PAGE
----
Just like last year, I’ll start off my year-end reflection with a post about the experiences in art and culture I enjoyed, followed by a post about the most important projects and ideas I worked on this year.
I have to start off this section with the biggest change in my music experience this year: I finally quit torrenting music and purchased every album and song you see below, and many more. I guess there are three camps these days: the torrenters, the streamers, and the purchasers. If you are still a torrenter and wondering what it was like to switch after over a decade of getting music for free, just think about the relative value of an incredible album that you’ll cherish for years to come, and basically one beer in downtown SF, and I hope you’ll join me in supporting artists in the coming year. As for streamers, besides the same argument of supporting artists as much as we think they’re worth, I purchased about 25 albums this year, so that would be roughly $250. That is a little over twice the cost of Spotify Premium at full price for a year. Is it worth it to me? Well, I personally carry an iPod touch around to listen to music and podcasts because I want to preserve battery on my phone, so it makes a lot of sense to me to be able to use iTunes. I also am still not convinced that some day in the future Spotify may not disappear, leaving Spotify users with none of their favorite music. Besides, I enjoy using Spotify just to test out new music, and when I find I like it, then I go and buy it. Anyway, music economics aside, there’s no argument that 2017 had some incredible new releases, and some new favorite artists for me.
Here are my top ten favorite albums of 2017:
- Big Thief – Capacity
- The National – Sleep Well Beast
- The War on Drugs – A Deeper Understanding
- Kendrick Lamar – DAMN.
- Rostam – Half-Light
- Jens Lekman – Life Will See You Now
- SZA – Ctrl
- Real Estate – In Mind
- Mac DeMarco – This Old Dog
- Fleet Foxes – Crack-Up
And my top twenty favorite songs:
- Big Thief – “Haley”
- The National – “I’ll Still Destroy You”
- The War on Drugs – “In Chains”
- HAIM – “You Never Knew”
- Real Estate – “Saturday”
- Rostam – “Gwan”
- Jens Lekman – “Dandelion Seed”
- The xx – “Replica”
- Kendrick Lamar – “LOVE. (FEAT. ZACARI.)”
- Dirty Projectors – “Up in Hudson”
- Sufjan Stevens (Planetarium) – “Mercury”
- Sylvan Esso – “Signal”
- Phoebe Bridgers – “Motion Sickness”
- Fleet Foxes – “Third of May / Odaigahara”
- Father John Misty – “So I’m Growing Old on Magic Mountain”
- Perfume Genius – “Slip Away”
- Beck – “Fix Me”
- Mac DeMarco – “A Wolf Who Wears Sheeps Clothes”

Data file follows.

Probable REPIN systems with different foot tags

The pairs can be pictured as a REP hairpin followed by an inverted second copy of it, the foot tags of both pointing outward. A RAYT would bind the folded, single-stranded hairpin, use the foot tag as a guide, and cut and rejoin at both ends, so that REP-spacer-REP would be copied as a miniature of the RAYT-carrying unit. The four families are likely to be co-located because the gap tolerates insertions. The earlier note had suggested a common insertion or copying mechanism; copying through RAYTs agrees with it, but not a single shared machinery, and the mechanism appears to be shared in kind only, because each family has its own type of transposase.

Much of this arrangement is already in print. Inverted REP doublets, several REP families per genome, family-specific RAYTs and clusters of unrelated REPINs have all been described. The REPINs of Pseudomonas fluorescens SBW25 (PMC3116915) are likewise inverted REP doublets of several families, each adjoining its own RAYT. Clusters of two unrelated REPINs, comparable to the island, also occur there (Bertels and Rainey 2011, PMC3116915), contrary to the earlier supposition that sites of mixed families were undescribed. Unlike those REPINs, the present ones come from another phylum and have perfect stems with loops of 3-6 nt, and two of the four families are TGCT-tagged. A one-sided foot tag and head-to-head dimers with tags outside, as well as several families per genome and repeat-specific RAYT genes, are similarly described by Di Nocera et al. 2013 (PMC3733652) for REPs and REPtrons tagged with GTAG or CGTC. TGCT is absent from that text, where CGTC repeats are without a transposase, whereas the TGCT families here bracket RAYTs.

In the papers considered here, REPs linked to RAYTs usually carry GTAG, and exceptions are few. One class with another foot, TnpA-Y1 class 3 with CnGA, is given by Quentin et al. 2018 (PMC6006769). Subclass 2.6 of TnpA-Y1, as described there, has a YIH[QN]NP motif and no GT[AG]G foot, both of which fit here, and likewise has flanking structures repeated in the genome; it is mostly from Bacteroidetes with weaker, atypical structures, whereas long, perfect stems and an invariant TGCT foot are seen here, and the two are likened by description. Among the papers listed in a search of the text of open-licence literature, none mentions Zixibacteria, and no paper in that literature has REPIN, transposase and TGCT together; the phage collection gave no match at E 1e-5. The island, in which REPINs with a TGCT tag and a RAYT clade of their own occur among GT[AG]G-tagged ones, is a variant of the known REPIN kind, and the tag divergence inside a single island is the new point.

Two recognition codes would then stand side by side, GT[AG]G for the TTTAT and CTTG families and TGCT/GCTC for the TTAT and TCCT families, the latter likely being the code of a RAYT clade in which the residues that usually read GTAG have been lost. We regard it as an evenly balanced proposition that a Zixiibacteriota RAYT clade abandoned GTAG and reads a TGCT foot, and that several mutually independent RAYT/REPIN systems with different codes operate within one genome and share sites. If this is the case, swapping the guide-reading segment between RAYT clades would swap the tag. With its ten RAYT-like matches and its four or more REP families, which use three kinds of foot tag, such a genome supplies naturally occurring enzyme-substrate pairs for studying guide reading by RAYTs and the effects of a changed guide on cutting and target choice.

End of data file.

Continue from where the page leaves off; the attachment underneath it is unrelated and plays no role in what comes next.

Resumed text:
- Lorde – “Hard Feelings/Loveless”
- The Flaming Lips – “The Castle”
Some brief comments, since I’ve spoken about some of this music in posts throughout the year. One of the natural differences between the song list and the album list is that the albums have to be excellent as a whole, and the kind of albums I enjoy listening to top-to-bottom, or even on repeat. So while some old favorites like HAIM, The xx, Sylvan Esso, and Father John Misty had great singles, their full albums were somewhat disappointing.
Some really exciting new finds this year, besides the #1 of the year, included Jens Lekman (yet another addicting Northern European songwriter!), Phoebe Bridgers, and SZA (who I got into just this month, but is without a doubt this year’s Solange or Rihanna). Some old bands that I hadn’t really listened to much really got my attention, including Mac DeMarco, Perfume Genius, and the Flaming Lips. I got to see quite a few of these bands and others play live this year: highlights include
- Jens Lekman at the Independent
- Lambchop at the Great American Music Hall
- Whitney (my favorite new band of last year) at the Independent
- Foxygen at the Independent
- John Mayer at Shoreline
- Rostam at the Independent
- Blood Orange at Fox Theater
- Sylvan Esso at Fox Theater (with opener Flock of Dimes!)
The top three on each list were pretty unequivocal. The War on Drugs and The National delivered fully satisfying follow-ups to exceptional albums (Lost in the Dream and Trouble Will Find Me), though I’ll need a bit more time to be able to decide whether these albums were better than their predecessors. Unfortunately, I didn’t get to see either band play at the Greek this year, in the National’s case canceled for air quality reasons because of the North Bay fires. But I did get to see both of them at Treasure Island in 2015.
Big Thief deserves the biggest praise of the year. I heard them first on NPR’s All Songs Considered from their SXSW coverage, and then fell into the album like a trance for the second half of the year. Lead singer Adrianne Lenker has an immaculate voice that reminds me of blood in both ominous and tender ways, and the songs in this album are constructed like little universes, evoking Joanna Newsom and then the Weepies and then sounding utterly one-of-a-kind. Please give them a listen if you haven’t already.
I also want to highlight two albums which came out last year but that stayed with me through this year: If You See Me, Say Yes by Flock of Dimes, the solo project by Wye Oak’s Jenn Wasner, and American Football’s eponymous record.
Finally, of the three musicals I watched this year, Fun Home at the Curran was the stunner in its emotional poignancy and execution, even though none of the songs were particularly memorable. RENT was a delight in terms of nostalgia, but not particularly strong as a stage performance. Hamilton was, unfortunately, a disappointment, mostly because of the SF cast, but also because, seeing it all come together on stage, I just can’t quite get into the second act emotionally. The soundtrack strangely outperforms the real thing, and even that may be starting to lose its magic, 100+ plays in…
Early next year I’m looking forward to releases by First Aid Kit and Rhye (and maybe Grimes?). I’d love to hear what music you enjoyed this year, and what you’re looking forward to next year!
You probably know by now how much of a fan I am of Moviepass. This year I watched 68 movies in theaters, and roughly paid $5/ticket. I started off paying $45/month (+ another $45/month for Boanne), and then in the Fall, Moviepass pulled a Netflix and dropped their price to $10/month. Just a few weeks ago I switched my plan to an annual payment of just $90. To date, since the end of 2015, I’ve saved $1100 on movies (not counting Boanne, not counting the many free popcorns and Icees we’ve gotten through the complementary AMC Stubs membership). At this point I can’t honestly understand why anybody I know wouldn’t go order a Moviepass right this very moment.